Have you ever thought of yourself as the glory of God? Most of us probably don’t. Maybe that’s because we don’t really know ourselves in the way God knows us. Maybe if we did we might see, think, speak, and live differently. “The glory of God,” said Irenaeus, a bishop of the third century, “is a human being fully alive.”

What are you learning about yourself? And what do you need from God?

Let’s be God’s glory. Today, tomorrow, and the day after. Now and forever.

7 thoughts on “Two Questions for Lent – A Sermon on Genesis 2:15-17; 3:1-7 and Matthew 4:1-11

  1. This was a wonderful message and thank you. My first take concerns the two questions at the end. Perhaps by exploring the first question we can answer the second question. The more we know ourselves the more we realize that we are one with God and do not really “need” anything from him we just need to know ourselves. We are already, as Jesus was, the Beloved with whom he is pleased and our lives could be metaphors for being in the wilderness where we realize who and what we actually are. We face temptations constantly, but that is how we get to understand ourselves and learn who we are, just like Adam and Eve. What they did was not a sin. It was a decision and our decisions are what help guide us through this “wilderness” of our lives. They are neither good nor bad, but are the way for us to truly awaken.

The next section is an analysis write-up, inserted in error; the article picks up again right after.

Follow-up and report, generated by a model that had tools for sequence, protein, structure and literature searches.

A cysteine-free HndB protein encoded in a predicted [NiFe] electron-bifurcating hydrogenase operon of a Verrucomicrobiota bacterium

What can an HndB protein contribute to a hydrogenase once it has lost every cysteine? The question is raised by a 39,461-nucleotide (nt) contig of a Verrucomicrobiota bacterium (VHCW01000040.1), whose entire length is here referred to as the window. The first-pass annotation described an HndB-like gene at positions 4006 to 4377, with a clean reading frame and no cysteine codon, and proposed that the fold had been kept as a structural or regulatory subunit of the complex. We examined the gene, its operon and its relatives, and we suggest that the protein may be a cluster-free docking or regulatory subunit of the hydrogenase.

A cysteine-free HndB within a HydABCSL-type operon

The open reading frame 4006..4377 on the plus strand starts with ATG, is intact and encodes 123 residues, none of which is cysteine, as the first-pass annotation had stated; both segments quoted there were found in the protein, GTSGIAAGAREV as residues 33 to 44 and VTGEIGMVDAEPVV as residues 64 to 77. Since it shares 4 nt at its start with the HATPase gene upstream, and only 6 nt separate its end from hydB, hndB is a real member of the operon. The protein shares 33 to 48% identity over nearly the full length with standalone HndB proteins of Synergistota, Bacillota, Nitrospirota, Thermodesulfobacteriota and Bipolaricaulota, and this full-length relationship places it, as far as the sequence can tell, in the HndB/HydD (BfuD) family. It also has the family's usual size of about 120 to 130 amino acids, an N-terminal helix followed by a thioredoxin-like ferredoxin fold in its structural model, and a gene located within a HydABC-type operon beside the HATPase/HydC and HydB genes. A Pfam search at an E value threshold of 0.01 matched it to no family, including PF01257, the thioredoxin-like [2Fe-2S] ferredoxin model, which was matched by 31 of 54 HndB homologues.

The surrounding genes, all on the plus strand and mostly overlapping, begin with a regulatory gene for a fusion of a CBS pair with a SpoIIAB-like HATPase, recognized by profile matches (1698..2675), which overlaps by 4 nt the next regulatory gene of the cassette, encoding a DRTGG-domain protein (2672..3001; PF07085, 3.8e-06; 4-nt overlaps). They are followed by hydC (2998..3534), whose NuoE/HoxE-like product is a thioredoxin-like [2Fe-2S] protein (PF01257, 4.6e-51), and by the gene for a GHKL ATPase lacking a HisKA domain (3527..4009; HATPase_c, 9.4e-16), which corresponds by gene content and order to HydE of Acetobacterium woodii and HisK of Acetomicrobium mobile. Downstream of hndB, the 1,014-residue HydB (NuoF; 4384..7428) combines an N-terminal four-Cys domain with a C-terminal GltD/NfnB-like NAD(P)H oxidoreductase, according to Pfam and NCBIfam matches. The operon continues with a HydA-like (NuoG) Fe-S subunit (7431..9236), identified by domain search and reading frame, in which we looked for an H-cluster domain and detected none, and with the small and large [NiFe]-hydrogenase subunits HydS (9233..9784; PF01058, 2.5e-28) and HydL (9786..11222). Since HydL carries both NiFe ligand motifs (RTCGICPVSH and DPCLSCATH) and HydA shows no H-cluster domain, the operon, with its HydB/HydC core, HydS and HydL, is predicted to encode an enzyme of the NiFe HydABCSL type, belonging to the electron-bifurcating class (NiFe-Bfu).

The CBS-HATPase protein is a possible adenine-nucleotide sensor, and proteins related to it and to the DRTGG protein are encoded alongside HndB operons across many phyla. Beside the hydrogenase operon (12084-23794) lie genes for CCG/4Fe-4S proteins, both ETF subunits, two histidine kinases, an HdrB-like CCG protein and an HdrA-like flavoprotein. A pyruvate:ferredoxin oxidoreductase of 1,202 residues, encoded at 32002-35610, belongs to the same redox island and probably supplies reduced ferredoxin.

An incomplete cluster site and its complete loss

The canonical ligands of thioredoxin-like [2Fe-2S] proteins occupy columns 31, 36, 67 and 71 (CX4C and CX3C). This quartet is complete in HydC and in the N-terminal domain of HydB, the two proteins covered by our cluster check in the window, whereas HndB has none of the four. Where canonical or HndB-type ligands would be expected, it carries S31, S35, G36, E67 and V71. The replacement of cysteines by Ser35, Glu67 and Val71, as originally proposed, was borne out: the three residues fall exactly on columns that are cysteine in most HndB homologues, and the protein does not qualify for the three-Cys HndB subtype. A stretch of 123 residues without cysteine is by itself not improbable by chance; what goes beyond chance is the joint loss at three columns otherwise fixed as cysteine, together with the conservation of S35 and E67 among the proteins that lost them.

Liked by 1 person

  2. Thanks for this Fr. Mike,
    We got lots of the devil and temptation yesterday. I very much appreciate what you say. The straight literal
    approach does seem to suggest we are all bad. I always remind myself that all of what God created was/is
    good and so your sermon is both encouraging and thought provoking.
    Thanks
    Ray Fletcher

    Like

    • Ray+, I am glad you found the sermon to be encouraging and thought provoking. If there is original sin, then there was before that original grace – both are true in our lives.

      Lenten blessings,
      Mike+

      Like

  3. Thank you for the meditation. As I read through the last part these words of John Milton came to me.